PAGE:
But what made me think of this today was the film I watched last night, The Big Kahuna.  Based on a play by Roger Rueff, The Big Kahuna is exactly the kind of thing I love: a small, smart, sad, vicious film mostly set in one room, with three characters, none of them women, being unrelentingly nasty to each other in very witty ways.  It’s like the cinematic equivalent of a glass of neat Scotch.  Like Glengarry Glen Ross, The Big Kahuna is about desperate salesmen, and most of the action has to do with social power dynamics.  There is a particularly amazing scene early in the movie: Peter Facinelli (who I’ve never seen in anything else) is a fresh-faced, naïve company rookie straight out of school, and Danny DeVito is a gruff, chain-smoking oldtimer who’s been doing this shit for years; they’re sitting in a chintzy suite in a convention hotel, preparing for a nametag-and-open-bar-type party; the young guy clearly deflects power to Danny DeVito’s character; as they’re talking, it cuts back-and-forth with short scenes of Kevin Spacey walking into the hotel, checking in and riding the elevator up to the suite; the moment Kevin Spacey walks into the room, the power dynamic immediately shifts.  His mere presence poisons the well.  You can watch Danny DeVito’s social potency instantly wither.  What had been a friendly enough atmosphere, after the addition of a third point in the social triangle (the chest-beating alpha male), suddenly becomes a social warzone.  I’ve seen this happen countless times, especially in all-male company: everyone belittles and humiliates each other until a clear dominance hierarchy is established.  It’s a process extremely similar to displaying behavior in chimps.  It makes me wonder if chimps are as unconscious of it as we are.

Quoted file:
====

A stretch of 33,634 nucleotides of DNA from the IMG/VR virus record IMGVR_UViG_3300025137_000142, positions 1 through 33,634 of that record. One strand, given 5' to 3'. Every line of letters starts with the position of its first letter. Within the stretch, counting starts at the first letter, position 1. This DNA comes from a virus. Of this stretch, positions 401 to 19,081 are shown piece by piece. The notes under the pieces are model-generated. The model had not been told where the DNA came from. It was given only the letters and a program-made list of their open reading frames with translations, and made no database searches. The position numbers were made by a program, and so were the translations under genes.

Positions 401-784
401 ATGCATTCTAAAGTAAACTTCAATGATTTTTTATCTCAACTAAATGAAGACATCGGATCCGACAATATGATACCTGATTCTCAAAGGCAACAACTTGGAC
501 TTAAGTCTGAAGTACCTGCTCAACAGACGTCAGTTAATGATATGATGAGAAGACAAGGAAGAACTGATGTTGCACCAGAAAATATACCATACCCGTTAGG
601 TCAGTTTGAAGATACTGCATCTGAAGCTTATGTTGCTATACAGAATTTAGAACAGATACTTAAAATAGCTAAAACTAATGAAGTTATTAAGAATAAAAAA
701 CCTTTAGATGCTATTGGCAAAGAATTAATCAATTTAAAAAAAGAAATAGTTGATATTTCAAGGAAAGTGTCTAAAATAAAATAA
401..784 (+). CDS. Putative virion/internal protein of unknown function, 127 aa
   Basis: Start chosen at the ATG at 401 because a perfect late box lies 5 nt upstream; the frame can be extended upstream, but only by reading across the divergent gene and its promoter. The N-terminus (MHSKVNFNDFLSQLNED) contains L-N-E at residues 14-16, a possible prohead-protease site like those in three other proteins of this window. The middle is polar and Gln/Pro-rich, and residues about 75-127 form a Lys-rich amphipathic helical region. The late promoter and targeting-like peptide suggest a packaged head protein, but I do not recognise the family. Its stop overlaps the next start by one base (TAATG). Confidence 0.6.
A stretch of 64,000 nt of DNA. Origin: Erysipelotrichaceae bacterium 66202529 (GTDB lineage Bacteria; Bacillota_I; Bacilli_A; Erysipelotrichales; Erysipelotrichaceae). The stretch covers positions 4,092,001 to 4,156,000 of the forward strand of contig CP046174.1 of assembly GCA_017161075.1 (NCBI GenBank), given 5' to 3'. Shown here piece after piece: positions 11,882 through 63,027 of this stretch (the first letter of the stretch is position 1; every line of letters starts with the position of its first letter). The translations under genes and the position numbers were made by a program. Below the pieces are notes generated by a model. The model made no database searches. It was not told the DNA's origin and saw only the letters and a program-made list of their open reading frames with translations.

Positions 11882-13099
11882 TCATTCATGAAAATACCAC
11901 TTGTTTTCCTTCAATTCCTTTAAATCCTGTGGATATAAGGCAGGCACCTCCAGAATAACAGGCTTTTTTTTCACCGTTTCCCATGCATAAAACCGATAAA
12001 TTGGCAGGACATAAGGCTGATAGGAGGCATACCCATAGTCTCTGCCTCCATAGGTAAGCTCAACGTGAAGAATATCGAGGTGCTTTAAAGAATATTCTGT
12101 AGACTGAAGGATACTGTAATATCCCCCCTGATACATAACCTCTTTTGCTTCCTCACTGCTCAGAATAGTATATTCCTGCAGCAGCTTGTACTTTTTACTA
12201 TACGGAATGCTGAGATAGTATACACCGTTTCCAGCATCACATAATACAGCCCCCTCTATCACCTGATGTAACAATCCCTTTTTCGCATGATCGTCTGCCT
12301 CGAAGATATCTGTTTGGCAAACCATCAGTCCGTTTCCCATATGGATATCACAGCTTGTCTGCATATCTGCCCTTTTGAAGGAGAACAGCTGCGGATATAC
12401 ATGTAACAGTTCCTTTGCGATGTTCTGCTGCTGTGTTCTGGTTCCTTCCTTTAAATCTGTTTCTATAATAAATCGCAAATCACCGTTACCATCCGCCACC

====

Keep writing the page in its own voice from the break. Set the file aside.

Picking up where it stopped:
And with that I give you the most surreal Larry King interview I’ve ever seen.  This is his bizarre interview with Marlon Brando in 1994 (Brando granted him an interview, but insisted they film it at his house).  I strongly suggest you watch all six parts on YouTube.  Marlon Brando barely answers his questions, takes off his shoes, sings and kisses Larry King on the lips.  And I’m sure he does not adjust his vocal timbre.

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Filed under Anger, Apes, Film, Frans de Waal, Literature, Nerds, Power